The most common type of wire paper clip still in use, the Gem paper clip, was never patented, but it was most likely in production in Britain in the early 1870s by "The Gem Manufacturing Company", according to the American expert on technological innovations, Professor Henry J. Petroski. Are the following statements true, false, or not given in the text? 1. Samuel B. Fays paper clip was only patented for one specific use. 2. Fays paper clip was not as practical as those we use today. 3. Nobody has a patent on the paper clip that most people use today. CORRECT ANSWERS FROM SIMON: 1. False 2. Not given 3. True IELTS Reading: environment gap-fill Fill the gaps in the text using the 10 words below. A _____ report says scientists are 95% certain that humans are the "dominant _____" of global warming since the 1950s. The report by the UN's climate panel details the physical _____ behind climate change. On the ground, in the air, in the oceans, global warming is "_____", it explained. The panel warns that continued _____ of greenhouse gases will cause further warming and changes in all aspects of the climate system. To contain these changes will require "substantial and sustained _____ of greenhouse gas emissions". After a week of intense negotiations in the Swedish capital, the summary for policymakers on the physical science of global warming has finally been released. For the future, the report states that warming is _____ to continue under all _____. Prof Sir Brian Hoskins, from Imperial College London, told BBC News: "We are performing a very dangerous _____ with our planet, and I don't want my grandchildren to suffer the _____." emissions, experiment, cause, unequivocal, landmark, consequences, reductions, scenarios, projected, evidence CORRECT ANSWERS FROM SIMON: 1. landmark 2. cause 3. evidence

4. unequivocal 5. emissions 6. reductions 7. projected 8. scenarios 9. experiment 10. consequences IELTS Reading: match the names Today I'm attaching a reading test that requires you to match names with statements. It might help to scan for the names first and highlight them. CORRECT ANSWERS FROM SIMON: 1. F 2. A 3. C 4. B 5. E IELTS Reading: paragraph headings Try this 'paragraph headings' question from Cambridge IELTS 7, page 48-50. Choose the correct heading for the paragraph below. 1. Co-operation of district officials. 2. Government authorities' instructions. It would have been easy to criticise the MIRTP for using in the early phases a 'top-down' approach, in which decisions were made by experts and officials before being handed down to communities, but it was necessary to start the process from the level of the governmental authorities of the district. It would have been difficult to respond to the requests of villagers and other rural inhabitants without the support and understanding of district authorities. Note: Is it true that the answer is always in the first sentence of the paragraph? CORRECT ANSWER FROM SIMON: 1. The answer is in the last line: "support and understanding of district authorities". support and understanding = co-operation authorities = officials Note: Sometimes you can get the general idea of the paragraph from the first sentence, but NOT always. IELTS Reading: more keywords Here's my keyword table for test 1, passage 2 in Cambridge IELTS 7:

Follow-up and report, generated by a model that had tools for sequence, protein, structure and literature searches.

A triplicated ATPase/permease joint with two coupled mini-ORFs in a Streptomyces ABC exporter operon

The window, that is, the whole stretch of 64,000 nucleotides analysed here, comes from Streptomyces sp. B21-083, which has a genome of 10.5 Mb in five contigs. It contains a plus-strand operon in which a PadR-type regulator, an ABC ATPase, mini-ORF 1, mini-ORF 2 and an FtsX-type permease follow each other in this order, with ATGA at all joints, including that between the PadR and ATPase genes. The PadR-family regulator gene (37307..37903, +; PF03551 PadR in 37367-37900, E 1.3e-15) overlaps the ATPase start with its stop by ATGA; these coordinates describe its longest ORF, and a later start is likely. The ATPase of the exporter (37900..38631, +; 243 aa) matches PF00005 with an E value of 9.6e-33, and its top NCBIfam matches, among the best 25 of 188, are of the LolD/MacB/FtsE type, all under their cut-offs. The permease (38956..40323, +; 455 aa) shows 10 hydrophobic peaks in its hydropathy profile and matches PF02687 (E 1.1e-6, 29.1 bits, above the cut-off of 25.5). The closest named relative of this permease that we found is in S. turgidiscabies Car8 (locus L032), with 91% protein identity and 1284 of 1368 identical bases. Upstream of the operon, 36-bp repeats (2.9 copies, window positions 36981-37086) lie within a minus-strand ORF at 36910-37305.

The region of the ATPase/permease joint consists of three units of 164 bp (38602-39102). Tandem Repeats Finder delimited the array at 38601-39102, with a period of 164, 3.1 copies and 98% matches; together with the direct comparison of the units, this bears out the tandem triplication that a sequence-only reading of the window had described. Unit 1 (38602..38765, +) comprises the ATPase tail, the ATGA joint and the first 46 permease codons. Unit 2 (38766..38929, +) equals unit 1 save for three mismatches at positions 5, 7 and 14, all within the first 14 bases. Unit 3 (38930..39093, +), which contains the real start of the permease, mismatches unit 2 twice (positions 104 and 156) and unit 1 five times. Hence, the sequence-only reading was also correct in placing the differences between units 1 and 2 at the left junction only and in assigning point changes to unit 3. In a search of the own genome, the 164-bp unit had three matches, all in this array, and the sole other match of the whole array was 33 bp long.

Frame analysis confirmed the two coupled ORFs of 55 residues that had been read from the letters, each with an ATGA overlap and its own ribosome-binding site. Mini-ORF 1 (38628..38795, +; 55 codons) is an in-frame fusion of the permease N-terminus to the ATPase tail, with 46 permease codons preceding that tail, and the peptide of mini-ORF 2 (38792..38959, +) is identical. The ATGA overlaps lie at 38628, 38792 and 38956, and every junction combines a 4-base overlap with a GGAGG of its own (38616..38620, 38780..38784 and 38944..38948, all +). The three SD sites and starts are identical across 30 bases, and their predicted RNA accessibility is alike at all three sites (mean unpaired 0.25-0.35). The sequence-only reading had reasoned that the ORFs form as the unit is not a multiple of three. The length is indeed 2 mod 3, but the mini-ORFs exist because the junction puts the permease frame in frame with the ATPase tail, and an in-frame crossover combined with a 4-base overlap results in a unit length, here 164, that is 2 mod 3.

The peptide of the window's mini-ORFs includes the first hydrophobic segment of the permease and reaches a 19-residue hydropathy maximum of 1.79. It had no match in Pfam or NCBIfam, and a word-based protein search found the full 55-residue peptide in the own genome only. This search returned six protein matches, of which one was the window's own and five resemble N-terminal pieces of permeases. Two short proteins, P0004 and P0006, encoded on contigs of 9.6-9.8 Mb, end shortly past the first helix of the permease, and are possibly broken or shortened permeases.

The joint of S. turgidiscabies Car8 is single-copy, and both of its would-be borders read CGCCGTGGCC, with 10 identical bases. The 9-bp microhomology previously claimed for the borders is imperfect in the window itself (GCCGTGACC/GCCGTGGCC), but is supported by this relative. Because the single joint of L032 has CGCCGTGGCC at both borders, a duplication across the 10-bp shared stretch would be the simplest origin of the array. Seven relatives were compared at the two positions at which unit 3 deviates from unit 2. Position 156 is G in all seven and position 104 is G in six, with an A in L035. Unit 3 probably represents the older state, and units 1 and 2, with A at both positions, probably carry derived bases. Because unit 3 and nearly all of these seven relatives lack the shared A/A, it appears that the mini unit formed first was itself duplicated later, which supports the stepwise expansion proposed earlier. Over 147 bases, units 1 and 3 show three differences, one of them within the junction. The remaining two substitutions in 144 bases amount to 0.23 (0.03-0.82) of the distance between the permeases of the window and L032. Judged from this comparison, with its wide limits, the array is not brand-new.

Do you make keyword tables like this when you do IELTS reading tests at home? The more practice you do, the better you'll get at noticing the keywords and finding the answers. Posted by Simon in IELTS Readi IELTS Reading: paragraph heading Read the following paragraph and choose the best heading. Melbourne has topped the list of the best cities in the world to live in, according to a new report by The Economist Intelligence Unit. Vienna in Austria and Vancouver in Canada came in second and third place respectively on the Global Livability Ranking. Cities across the world are awarded scores depending on lifestyle challenges faced by the people living there. Each city is scored on its stability, healthcare, culture and environment, education and infrastructure. This is the third time that the Australian city has topped the list. Unfortunately, UK cities fared worse on the list with London coming 55 out of 140 cities while Manchester was ranked 51. The report also shows that livability across the world has fallen by 0.6 per cent. A) Livability survey produces some surprising results. B) How cities are ranked. C) Results of the latest Most Livable Cities Index. D) Melbourne is top city for tourists. CORRECT ANSWER FROM SIMON: C Several people have explained this answer in their comments above. It seems that most people got the right answer! IELTS Reading: keyword technique What do I mean by the 'keyword' technique? By 'keywords' I mean: words in the text that have a similar meaning to words in the questions. The table below shows the keywords that helped my students to find the answers to the test on page 122 of Cambridge IELTS 6.